Pointing to the fact that Jersey’s funds industry recorded another new record high of fund assets being administered at the half-way point in 2021 (£436bn), with private equity and venture capital increasing by 21% year-on-year and the number of Jersey Private Funds (JPFs) rising to 456, Tim commented:
“The latest figures show that Jersey’s focus on alternative investment funds continues to provide a stable platform of long-term capital. From the start it was clear that the pandemic was affecting participants differently. Large, well-known sponsors with strong platforms continued to fundraise. Conditions were more challenging for new and smaller investment groups. However, many have in any case proceeded with the raising of successful, small, first funds and club deals, and that correlates with the continued growth in the number of JPFs we have seen. It’s a real endorsement of Jersey’s appeal and expertise.”
In addition, Tim, who is also a partner at the Jersey legal practice of the Maples Group, highlighted the importance of Jersey’s funds industry maintaining momentum in delivering innovative solutions to global investors:
“Jersey has continued to test innovations in digital assets, as well as increased amounts of structures aimed at sustainable technologies and related assets, which is very positive. In addition, significant changes have also occurred in the administration space – increasingly tech is a key component of how services are being provided, which is enhancing how governance, risk management and compliance are managed in practice. Jersey service providers have been impressive in adopting a digital first approach over the past year and this is undoubtedly a key part of our success.”
Meanwhile, Tim also highlighted that shifts in global geopolitics, regulation and competition were providing challenges, with Jersey’s focus on maintaining a perfect ecosystem for alternative funds putting it in a strong position:
“The political environment is volatile – the change in US administration; increased pressures from the EU and OECD in relation to tax; numerous policy initiatives from UK in the post Brexit and post pandemic environment; upcoming elections in Germany and France. All this means that there is a need for continual engagement in relation to Jersey’s position internationally. At the same time, jurisdictionally, the competitive environment is intense.
“However, Jersey’s ability to pivot in an agile manner, in particular between JPFs and more narrowly-held joint venture and co-investment vehicles, is valuable and provides popular, efficient solutions. At the same time, Jersey has an incredibly strong culture of partnerships with the JFSC, government, and other industry elements all working together on areas of opportunity or concern for our funds and wider finance industry. This is a real differentiator for us, as we continue to focus on our core message - that Jersey offers a unique ecosystem to provide a platform of stability in a rapidly changing market.”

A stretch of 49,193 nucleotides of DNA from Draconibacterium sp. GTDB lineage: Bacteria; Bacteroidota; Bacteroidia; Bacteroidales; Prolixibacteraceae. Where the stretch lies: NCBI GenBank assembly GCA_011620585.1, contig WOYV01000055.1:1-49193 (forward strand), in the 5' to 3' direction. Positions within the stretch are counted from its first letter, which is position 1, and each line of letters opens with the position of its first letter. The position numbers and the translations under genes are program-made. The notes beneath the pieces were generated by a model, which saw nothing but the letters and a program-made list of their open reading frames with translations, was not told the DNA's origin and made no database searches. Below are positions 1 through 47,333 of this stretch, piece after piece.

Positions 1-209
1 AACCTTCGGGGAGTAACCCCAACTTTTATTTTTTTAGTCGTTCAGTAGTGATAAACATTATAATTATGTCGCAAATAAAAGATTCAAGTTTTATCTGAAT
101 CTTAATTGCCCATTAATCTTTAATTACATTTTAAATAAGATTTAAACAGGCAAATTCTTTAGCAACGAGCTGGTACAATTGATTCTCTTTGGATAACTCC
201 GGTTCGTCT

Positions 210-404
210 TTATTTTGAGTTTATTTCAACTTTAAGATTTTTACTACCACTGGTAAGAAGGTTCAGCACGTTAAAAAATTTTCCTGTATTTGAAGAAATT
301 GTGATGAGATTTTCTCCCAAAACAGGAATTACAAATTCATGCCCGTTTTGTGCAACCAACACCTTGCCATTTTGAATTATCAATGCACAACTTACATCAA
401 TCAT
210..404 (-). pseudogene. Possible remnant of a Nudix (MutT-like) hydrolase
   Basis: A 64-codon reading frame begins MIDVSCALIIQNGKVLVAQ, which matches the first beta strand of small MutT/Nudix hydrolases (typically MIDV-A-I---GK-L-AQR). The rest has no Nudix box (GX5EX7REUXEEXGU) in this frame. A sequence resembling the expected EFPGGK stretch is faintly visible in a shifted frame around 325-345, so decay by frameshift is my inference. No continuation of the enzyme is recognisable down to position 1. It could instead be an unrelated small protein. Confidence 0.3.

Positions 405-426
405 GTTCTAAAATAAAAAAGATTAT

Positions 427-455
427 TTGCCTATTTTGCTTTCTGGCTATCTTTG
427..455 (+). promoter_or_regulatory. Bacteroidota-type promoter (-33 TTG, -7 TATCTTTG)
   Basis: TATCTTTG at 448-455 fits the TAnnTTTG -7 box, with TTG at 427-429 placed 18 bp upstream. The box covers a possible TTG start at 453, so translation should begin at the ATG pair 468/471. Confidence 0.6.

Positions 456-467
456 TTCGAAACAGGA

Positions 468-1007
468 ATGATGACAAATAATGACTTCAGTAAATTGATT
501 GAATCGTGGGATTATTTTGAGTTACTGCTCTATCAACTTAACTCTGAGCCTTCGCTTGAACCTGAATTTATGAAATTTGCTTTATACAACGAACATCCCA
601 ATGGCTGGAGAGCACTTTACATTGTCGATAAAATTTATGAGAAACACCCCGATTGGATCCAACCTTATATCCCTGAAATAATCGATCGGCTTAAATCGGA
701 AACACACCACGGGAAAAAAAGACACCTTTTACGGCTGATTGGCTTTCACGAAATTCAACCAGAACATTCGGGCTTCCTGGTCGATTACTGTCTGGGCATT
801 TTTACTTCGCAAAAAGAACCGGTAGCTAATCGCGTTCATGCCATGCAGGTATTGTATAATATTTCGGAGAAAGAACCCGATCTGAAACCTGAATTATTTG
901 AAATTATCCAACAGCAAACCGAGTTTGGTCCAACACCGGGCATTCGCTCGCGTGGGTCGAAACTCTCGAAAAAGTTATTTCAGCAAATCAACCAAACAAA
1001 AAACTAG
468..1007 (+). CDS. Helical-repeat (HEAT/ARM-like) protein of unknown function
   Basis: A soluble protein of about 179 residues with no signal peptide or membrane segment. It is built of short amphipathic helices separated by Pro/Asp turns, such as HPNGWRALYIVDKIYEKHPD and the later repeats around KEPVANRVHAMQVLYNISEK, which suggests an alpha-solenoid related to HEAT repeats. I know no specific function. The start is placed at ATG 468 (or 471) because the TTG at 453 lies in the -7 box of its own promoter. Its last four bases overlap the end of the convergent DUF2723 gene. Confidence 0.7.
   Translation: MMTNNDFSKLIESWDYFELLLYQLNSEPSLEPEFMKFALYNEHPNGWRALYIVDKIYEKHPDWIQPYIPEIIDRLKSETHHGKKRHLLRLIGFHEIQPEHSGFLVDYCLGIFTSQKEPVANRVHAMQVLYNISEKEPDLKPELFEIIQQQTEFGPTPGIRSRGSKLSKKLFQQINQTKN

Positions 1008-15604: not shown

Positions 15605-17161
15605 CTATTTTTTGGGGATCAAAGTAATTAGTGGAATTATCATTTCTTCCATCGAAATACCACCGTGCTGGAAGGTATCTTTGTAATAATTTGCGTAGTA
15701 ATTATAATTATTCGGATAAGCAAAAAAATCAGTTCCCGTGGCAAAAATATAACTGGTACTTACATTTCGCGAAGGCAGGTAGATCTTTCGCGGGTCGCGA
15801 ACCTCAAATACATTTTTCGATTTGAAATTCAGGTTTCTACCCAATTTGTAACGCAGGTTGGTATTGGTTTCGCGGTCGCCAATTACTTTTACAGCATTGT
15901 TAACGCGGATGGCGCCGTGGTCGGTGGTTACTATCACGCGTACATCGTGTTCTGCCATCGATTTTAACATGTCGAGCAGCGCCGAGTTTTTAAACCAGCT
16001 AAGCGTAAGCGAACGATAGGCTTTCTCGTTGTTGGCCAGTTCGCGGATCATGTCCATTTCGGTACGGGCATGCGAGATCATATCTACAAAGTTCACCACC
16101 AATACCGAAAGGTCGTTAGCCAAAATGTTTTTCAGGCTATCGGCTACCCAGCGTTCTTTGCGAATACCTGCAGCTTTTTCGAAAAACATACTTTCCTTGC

Entertainment at the event, which was held at the Trinity Showground, was provided by comedian and writer Jo Caulfield and London-based singer-songwriter and former Jersey Young Musician of the Year Sam Walwyn.
The main sponsor of the dinner was Mourant, whilst silver sponsors were BNP Paribas Securities Services, IQ-EQ, Ogier and PwC, and the champagne sponsor was Carey Olsen.
In our latest blog, JFA Committee Member and PwC’s Asset Management Leader, Mike Byrne, looks at how Jersey’s alternatives sector can be an engine of growth and a force for good in a rapidly changing world…
Over the past 40 years, the private markets (or alternatives) sector has grown to become a bedrock of high value employment and prosperity in Jersey – the sector now accounts for nearly 90% of funds under administration in the jurisdiction.
As assets under management (AuM) in the private markets sector continue their rapid expansion worldwide, they’re set to play a key role in driving recovery and creating more sustainable and socially inclusive economies both here and across the globe.
The private markets designation brings together private capital (private equity and credit) and real assets (infrastructure and real estate), and this has real relevance for Jersey which has a formidable reputation in private equity and real estate in particular.
As investors go in search of returns that other asset classes may struggle to deliver, private markets are one of the fastest growing areas of asset management globally. It’s a sector that is now by no means niche – it’s fast becoming mainstream.
Reflecting that, earlier this year, PwC published Prime time for private markets: The new value creation playbook, an in-depth exploration of how the sector is evolving and how to capitalise on the potential. According to that report, it is anticipated that private markets AuM will increase by $4.9 trillion to reach $14.4 trillion by 2025 - around 10% of overall AuM worldwide.